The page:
At a fixed field H > H*, our data suggest that there is a crossover from a trivial paramagnet at high temperature to a low temperature quantum correlated state. At fixed temperatures T < T _{I}, adding a small magnetic field \(({{\mu _0}{H^*}}\sim {T_{\rm I}}{\rm{/}}10{{{{k_{\rm{B}}}}}/{{{\mu _{\rm{B}}}}}} )\) is sufficient to drive the magnetic state of βLi_{2}IrO_{3} from the zerofield incommensurate spiral order Ψ_{I} into the FIZZ state Ψ_{V}. Since a small magnetic field drives a transition into the FIZZ spin configuration, it may be natural to interpret this correlated paramagnet as a vestige of a zerofield, zigzag ground state that is proximate in the thermodynamic phase diagram. This would establish a familial link between the lithium based iridates and αRuCl_{3}/Na_{2}IrO_{3} ^{7,8,9} by connecting these grounds states through a fieldtuned quantum phase transition at H*^{28, 29}. In this case, the system’s response at finite field should be understood much like a ferromagnet in an applied field, where the field breaks the same symmetry as the order parameter. As the system is cooled in field, the spins are strongly correlated but they collectively break no new symmetries. We should mention that there is another, yet more exotic interpretation, in which there exists a fieldinduced spin liquid state, similar to what has been recently suggested as the highfield state of αRuCl_{3} ^{30} and γLi_{2}IrO_{3} ^{31} (note that in αRuCl_{3}, \({\mu _0}{H^*}\sim {T_{\rm I}}\times{{k_{\rm{B}}}/{\mu _{\rm{B}}}}\)). In this scenario, it is only the applied field that directly breaks zigzag symmetries, and the response of the system is then determined by the temperature/field dependence of the correlations themselves. The onset of spincorrelations will have no thermodynamic discontinuity, as observed in the heat capacity, but may evolve with increasing rigidity in a manner that mimics the appearance of an underlying order parameter, as seen in the I_{12n+6m±2} intensity. In either case, the ease with which the system can be transitioned from incommensurate to FIZZ states is a striking signature of the delicate balance of interactions in these materials. All that remains is to learn how to tune that balance to achieve a true Kitaev spin liquid.
Methods
Single crystal synthesis
Single crystals of βLi_{2}IrO_{3} were synthesized using a vapor transport technique. Ir (99.9% purity, BASF) and Li_{2}CO_{3} (99.999% purity, AlfaAesar) powders were ground and pelletized in the ratio of 1:1.05. The pellet was reacted at 1050 °C for 12 h, and then cooled down to 850 °C at 2 °C/h to yield single crystals of βLi_{2}IrO_{3}. The single crystals are clearly faceted and around 100 × 150 × 300 μm^{3} in size. They are orthorhombic and belong to the Fddd space group with lattice parameters a = 5.910(3) Å, b = 8.46(2) Å and c = 17.85(7) Å. The crystal structure is shown in Supplementary Fig. 1a.
Experimental techniques
Magnetic susceptibility measurements were performed in a 7 T Cryogenic Ltd. SX700 SQUID and Quantum Design MPMS. Heat capacity measurements were conducted on a 16 T Cryogenic Ltd. CFMS microchip calorimeter uisng the a.c. method. Resonant Xray Scattering studies were performed at Beamlime 6IDC at the Advanced Photon Source, Argonne National Lab, using a 11.215 keV πpolarized xray beam and a 4 T splitcoil magnet (σoriented field). Due to the size of the magnet, we were only able to rotate ±3° in the χdirection while keeping the magnetic field parallel to the baxis. Therefore, only the (h, 0, l) plane was surveyed.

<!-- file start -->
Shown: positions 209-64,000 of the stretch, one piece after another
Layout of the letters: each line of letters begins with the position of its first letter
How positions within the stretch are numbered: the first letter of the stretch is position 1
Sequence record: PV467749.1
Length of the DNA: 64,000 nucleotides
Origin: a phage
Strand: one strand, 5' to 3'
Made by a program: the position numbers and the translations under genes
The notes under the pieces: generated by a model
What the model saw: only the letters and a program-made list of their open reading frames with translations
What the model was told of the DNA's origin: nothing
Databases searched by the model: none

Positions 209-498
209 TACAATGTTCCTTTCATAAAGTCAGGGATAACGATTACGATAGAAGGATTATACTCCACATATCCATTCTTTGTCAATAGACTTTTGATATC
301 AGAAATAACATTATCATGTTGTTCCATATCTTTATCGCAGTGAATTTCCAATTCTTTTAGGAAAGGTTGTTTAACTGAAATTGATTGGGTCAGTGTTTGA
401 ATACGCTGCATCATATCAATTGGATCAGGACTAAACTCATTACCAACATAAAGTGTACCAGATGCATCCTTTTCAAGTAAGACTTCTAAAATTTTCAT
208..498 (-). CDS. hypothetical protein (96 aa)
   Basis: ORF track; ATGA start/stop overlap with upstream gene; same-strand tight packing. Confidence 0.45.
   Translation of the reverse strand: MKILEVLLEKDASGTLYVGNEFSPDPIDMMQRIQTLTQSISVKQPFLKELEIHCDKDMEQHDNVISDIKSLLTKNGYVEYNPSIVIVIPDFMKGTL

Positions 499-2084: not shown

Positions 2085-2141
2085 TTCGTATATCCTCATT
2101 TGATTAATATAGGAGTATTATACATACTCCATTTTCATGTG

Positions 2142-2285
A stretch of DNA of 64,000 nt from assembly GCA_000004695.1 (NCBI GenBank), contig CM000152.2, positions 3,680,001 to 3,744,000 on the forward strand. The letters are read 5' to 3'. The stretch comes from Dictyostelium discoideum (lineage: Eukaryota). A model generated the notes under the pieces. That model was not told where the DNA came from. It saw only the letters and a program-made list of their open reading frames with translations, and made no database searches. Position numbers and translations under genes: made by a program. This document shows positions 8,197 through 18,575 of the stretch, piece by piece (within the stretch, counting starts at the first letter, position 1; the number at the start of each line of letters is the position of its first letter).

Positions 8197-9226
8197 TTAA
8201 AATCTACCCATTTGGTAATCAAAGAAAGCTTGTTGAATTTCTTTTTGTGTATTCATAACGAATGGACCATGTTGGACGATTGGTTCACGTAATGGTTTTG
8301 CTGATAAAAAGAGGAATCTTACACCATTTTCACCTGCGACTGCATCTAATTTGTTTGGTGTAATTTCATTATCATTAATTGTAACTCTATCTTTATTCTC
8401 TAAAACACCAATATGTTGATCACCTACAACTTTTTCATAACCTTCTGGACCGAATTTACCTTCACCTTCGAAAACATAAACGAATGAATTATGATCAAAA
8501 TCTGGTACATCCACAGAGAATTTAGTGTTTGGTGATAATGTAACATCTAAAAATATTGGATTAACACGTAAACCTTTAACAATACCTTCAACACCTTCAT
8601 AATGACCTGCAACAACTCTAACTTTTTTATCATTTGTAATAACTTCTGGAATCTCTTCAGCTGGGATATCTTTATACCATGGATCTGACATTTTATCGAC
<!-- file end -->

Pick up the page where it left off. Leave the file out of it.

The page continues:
Data availability
The data that support the findings of this study are available from the corresponding author upon reasonable request.
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Acknowledgements
This work was supported the US Department of Energy, Office of Science, Basic Energy Sciences, Materials Sciences and Engineering Division, under the Early Career program, Contract No. DESC0014039. A.R. acknowledges support from the National Science Foundation Graduate Research Fellowship under Grant No. DGE 1106400. I.A. and J.Y.C. acknowledge the support of NSF DMR1360863. Use of the APS was supported by the US Department of Energy, Office of Science, Basic Energy Sciences, under Contract No. DEAC0206CH11357. N.P.B. and T.H. were supported by the Gordon and Betty Moore Foundations EPiQS Initiative through Grant GBMF4374.
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Affiliations
Department of Physics, University of California, Berkeley, CA, 94720, USA
 Alejandro Ruiz
 , Alex Frano
 , Nicholas P. Breznay
 , Itamar Kimchi
 , Toni Helm
 , R. J. Birgeneau
 & James G. Analytis
Materials Sciences Division, Lawrence Berkeley National Laboratory, Berkeley, CA, 94720, USA
 Alejandro Ruiz
 , Alex Frano
 , Nicholas P. Breznay
 , Toni Helm
 , R. J. Birgeneau
 & James G. Analytis
Advanced Light Source, Lawrence Berkeley National Laboratory, Berkeley, CA, 94720, USA
 Alex Frano
Department of Physics, Massachusetts Institute of Technology, Cambridge, MA, 02139, USA
 Itamar Kimchi
Department of Chemistry, The University of Texas at Dallas, Richardson, TX, 75080, USA
 Iain Oswald
 & Julia Y. Chan
Advanced Photon Source, Argonne National Laboratory, Argonne, IL, 60439, USA
 Zahirul Islam
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Contributions
J.G.A., A.R. conceived of the experiment. A.R. and N.P.B. synthesized the materials. Z.I., A.R., A.F., T.H., and N.P.B. performed the experiments. J.G.A., A.R., A.F., I.K., and N.P.B. analyzed the data. I.O. and J.Y.C. performed crystallographic characterization. All authors contributed to the writing of this paper.
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The authors declare no competing financial interests.
Corresponding authors
Correspondence to Alejandro Ruiz or James G. Analytis.
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Excitations in the fieldinduced quantum spin liquid state of αRuCl3
npj Quantum Materials (2018)